By Joan Kelley Walker
One of Toronto’s most anticipated events returned after a two-year hiatus. The Nashville-themed “Scrubs in the City” event took place on June 2 at Evergreen Brick Works in support of The Hospital for Sick Children (SickKids). There were plenty of cowboys and cowgirls present, hoping to help others in need. To date, supporters have raised more than $7.3 million, and that money has gone toward supporting some of the most critical needs at SickKids. This year went off without a hitch, raising awareness and funds that will be used to support a crucial Blood & Marrow Transplant/Cellular Therapy (BMT/CT) Program for a new Cellular Therapy Facility at SickKids. This will be the first of its kind in Canada. SickKids can harness the power of the immune system to fight cancer and other diseases using a patient’s own cells.
I wanted to dig a little deeper and learn how Scrubs in the City really helps. What is “cellular therapy,” and how will the new facility help children and youth? I had the opportunity to ask Dr. Donna Wall, Section Head of Blood and Marrow Transplant/Cellular Therapy, Division of Haematology/Oncology at SickKids. “We are in an exciting time where research into childhood cancer and blood disorders has led us to the point where we can work with the child’s or a donor’s blood to treat cancers and severe infections as well as help manage immune reactions in what has only, until recently, been dreamed about at the level of science fiction. The Cellular Therapy Facility at SickKids is designed to be able to take a child’s or donor’s young blood-making immune cells and give them the ability to target their cancer, infection, or other misbehaving cells — engineering treatments that use living cells,” says Dr. Wall. “Strategically located within SickKids and closely linked with the Research Institute and the many clinical teams at SickKids, the Cellular Therapy Facility is responsible for the handling, manufacturing, and delivery of the personalized treatment to children and youth with cancer or blood disorders — a treatment often starting with their own cells.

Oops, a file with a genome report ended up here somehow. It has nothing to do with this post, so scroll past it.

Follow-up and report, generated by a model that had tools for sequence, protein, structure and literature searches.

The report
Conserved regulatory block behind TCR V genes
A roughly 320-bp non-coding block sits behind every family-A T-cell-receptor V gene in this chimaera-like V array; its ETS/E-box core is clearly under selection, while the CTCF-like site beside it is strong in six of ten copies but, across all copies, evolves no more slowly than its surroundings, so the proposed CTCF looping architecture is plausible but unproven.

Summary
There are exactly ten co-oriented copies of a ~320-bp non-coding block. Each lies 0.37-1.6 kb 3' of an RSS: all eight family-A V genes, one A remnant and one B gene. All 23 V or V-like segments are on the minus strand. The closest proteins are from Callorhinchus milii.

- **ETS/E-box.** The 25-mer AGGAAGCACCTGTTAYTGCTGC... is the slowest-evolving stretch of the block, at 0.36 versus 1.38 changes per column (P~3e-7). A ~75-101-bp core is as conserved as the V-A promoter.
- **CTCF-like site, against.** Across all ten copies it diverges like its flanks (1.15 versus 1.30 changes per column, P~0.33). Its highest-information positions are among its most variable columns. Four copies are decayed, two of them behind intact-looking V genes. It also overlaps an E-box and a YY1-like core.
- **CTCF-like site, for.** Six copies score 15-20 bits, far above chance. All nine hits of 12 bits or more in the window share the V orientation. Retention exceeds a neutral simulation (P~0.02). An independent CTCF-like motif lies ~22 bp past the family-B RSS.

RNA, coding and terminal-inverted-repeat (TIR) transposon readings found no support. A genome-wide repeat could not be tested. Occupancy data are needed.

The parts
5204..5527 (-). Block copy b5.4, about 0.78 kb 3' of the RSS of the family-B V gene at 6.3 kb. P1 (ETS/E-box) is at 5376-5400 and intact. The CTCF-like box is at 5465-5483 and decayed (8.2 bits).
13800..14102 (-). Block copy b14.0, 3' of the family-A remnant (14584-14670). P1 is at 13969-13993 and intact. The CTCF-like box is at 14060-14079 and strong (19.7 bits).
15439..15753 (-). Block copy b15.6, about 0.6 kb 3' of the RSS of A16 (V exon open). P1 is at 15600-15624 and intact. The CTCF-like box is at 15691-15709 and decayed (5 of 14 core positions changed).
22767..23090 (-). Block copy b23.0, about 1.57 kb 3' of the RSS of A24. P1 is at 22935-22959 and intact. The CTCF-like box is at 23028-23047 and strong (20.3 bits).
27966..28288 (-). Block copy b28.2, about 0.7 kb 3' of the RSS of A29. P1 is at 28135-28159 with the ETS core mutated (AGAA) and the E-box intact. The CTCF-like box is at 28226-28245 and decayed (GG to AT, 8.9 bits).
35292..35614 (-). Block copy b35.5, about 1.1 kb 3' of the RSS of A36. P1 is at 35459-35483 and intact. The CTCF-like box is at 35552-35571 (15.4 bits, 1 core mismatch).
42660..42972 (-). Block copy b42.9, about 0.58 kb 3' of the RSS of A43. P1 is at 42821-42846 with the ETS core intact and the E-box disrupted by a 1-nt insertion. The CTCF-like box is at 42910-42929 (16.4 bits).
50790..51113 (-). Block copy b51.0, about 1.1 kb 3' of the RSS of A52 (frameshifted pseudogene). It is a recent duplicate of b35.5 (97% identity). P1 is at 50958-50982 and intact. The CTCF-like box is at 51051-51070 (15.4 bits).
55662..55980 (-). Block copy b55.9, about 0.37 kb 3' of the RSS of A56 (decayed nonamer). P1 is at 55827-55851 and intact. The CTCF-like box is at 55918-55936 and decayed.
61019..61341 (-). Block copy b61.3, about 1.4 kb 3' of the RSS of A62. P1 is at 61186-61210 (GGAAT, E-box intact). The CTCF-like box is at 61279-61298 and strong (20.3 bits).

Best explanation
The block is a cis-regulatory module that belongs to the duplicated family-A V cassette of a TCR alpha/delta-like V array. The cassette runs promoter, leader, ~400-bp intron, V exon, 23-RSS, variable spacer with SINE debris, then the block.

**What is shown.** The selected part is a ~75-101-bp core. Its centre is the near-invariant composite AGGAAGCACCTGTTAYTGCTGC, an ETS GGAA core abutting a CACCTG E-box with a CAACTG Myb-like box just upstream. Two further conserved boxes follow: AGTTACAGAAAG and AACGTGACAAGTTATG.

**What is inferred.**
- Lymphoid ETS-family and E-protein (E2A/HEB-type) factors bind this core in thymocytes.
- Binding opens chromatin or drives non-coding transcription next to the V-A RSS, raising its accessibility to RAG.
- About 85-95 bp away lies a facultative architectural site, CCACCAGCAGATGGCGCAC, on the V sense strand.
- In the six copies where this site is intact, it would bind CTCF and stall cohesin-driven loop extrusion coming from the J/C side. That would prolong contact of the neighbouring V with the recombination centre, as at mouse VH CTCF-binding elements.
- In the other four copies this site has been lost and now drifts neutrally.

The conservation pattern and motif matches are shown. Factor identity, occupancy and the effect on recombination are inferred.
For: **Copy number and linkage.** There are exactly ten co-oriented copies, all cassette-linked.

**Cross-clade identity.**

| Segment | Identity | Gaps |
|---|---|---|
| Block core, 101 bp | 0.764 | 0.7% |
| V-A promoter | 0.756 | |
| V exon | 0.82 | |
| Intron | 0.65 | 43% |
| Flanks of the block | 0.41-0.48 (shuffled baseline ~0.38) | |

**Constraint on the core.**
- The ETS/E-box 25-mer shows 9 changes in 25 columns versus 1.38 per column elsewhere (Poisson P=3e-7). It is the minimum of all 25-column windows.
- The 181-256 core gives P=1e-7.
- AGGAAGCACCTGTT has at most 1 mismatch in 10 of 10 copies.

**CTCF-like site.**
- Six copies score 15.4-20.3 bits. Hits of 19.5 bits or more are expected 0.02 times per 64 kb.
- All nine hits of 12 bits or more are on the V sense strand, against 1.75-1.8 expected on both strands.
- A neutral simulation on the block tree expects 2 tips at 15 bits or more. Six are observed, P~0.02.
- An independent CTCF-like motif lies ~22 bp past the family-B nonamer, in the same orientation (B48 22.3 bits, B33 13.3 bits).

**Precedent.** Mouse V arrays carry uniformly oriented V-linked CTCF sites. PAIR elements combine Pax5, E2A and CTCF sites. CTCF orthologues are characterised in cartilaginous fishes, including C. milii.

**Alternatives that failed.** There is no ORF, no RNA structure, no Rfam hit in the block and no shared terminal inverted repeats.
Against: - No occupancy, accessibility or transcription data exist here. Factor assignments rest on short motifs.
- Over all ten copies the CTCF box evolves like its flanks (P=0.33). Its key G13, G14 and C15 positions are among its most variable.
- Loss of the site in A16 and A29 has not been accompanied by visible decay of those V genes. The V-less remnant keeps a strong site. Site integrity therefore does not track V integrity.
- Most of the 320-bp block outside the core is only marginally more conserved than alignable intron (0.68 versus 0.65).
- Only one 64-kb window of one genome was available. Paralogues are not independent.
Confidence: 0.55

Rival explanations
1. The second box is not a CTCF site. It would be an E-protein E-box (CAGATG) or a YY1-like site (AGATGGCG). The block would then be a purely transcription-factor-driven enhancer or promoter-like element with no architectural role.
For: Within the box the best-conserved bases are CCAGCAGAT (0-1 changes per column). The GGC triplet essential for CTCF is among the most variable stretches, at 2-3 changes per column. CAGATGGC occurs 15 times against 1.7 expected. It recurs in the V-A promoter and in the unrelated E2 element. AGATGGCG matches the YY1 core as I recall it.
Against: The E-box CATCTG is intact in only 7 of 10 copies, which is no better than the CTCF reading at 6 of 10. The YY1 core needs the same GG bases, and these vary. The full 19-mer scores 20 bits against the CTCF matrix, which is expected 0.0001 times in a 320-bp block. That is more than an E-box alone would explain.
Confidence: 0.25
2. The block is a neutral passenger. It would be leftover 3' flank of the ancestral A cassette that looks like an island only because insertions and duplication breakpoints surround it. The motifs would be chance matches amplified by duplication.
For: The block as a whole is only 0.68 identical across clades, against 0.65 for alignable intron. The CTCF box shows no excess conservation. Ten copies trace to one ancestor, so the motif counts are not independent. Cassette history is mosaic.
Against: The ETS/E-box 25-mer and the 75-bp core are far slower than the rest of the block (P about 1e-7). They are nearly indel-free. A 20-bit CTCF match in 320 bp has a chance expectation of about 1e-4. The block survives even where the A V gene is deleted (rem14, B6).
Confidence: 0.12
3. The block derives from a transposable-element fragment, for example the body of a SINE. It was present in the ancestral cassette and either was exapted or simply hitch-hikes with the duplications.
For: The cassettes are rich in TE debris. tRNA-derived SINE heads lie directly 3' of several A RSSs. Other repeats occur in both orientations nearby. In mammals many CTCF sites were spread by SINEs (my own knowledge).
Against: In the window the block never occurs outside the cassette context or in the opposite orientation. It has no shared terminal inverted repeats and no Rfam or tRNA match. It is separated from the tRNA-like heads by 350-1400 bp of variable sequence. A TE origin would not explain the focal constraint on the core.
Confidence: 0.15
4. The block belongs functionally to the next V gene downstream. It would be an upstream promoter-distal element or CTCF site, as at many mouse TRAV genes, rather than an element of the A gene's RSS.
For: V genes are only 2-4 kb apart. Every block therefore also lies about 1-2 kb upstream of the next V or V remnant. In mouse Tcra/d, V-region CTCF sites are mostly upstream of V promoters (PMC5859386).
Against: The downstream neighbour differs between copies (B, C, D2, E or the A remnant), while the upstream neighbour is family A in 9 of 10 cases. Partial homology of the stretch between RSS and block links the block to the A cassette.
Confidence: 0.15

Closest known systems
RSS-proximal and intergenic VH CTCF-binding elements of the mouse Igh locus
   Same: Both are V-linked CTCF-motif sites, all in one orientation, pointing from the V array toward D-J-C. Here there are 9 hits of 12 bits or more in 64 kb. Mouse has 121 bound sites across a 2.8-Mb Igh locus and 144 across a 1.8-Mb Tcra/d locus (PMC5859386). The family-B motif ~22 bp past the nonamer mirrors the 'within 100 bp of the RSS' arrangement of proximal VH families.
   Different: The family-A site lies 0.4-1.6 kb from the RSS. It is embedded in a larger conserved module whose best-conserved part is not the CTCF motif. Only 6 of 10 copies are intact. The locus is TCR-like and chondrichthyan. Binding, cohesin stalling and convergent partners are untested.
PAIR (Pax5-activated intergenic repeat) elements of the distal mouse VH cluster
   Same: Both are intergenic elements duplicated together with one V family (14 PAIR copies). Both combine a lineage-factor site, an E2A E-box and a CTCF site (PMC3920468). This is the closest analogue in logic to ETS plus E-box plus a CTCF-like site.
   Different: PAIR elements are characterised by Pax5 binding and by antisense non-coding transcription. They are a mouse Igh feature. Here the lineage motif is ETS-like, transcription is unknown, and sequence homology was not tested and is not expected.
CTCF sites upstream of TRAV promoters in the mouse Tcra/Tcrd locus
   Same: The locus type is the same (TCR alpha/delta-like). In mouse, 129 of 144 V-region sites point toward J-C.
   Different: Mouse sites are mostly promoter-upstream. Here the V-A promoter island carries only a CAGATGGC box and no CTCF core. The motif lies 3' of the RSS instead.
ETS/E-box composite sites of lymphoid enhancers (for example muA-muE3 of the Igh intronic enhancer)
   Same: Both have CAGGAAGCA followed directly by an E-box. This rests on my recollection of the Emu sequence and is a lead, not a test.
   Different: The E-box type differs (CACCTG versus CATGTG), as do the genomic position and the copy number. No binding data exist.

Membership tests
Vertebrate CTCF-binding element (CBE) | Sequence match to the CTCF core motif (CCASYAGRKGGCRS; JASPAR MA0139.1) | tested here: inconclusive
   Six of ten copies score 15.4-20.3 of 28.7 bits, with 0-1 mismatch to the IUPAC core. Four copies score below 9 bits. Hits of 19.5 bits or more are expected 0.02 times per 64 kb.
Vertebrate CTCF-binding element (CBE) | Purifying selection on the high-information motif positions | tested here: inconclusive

“Given our early success with cellular and gene therapy treatments, we anticipate that what is a bold experimental treatment today will rapidly move to widely-used treatment for children and youth, allowing us to treat severe immune/blood disorders, including cancer, more precisely; potentially improving outcomes and making treatments safer,” she says. SickKids is currently treating many children and youth who have exhausted all standard treatment options. This facility will help provide them with new therapeutic options. “It is unbelievably rewarding to be able to offer treatments that carry an option that can be truly transformative,” says Dr. Wall. “The process of developing cell products that are personalized for each child is a labour of love and needs a team with the tools to deliver products on time. With the support of the funds raised, we are building a robust platform and team to deliver cell products for the next generation. Funding will speed up our program and allow us to bring more complex strategies to the clinical treatments.” The hope is that children and youth will be able to benefit from cellular therapies developed by scientists from SickKids.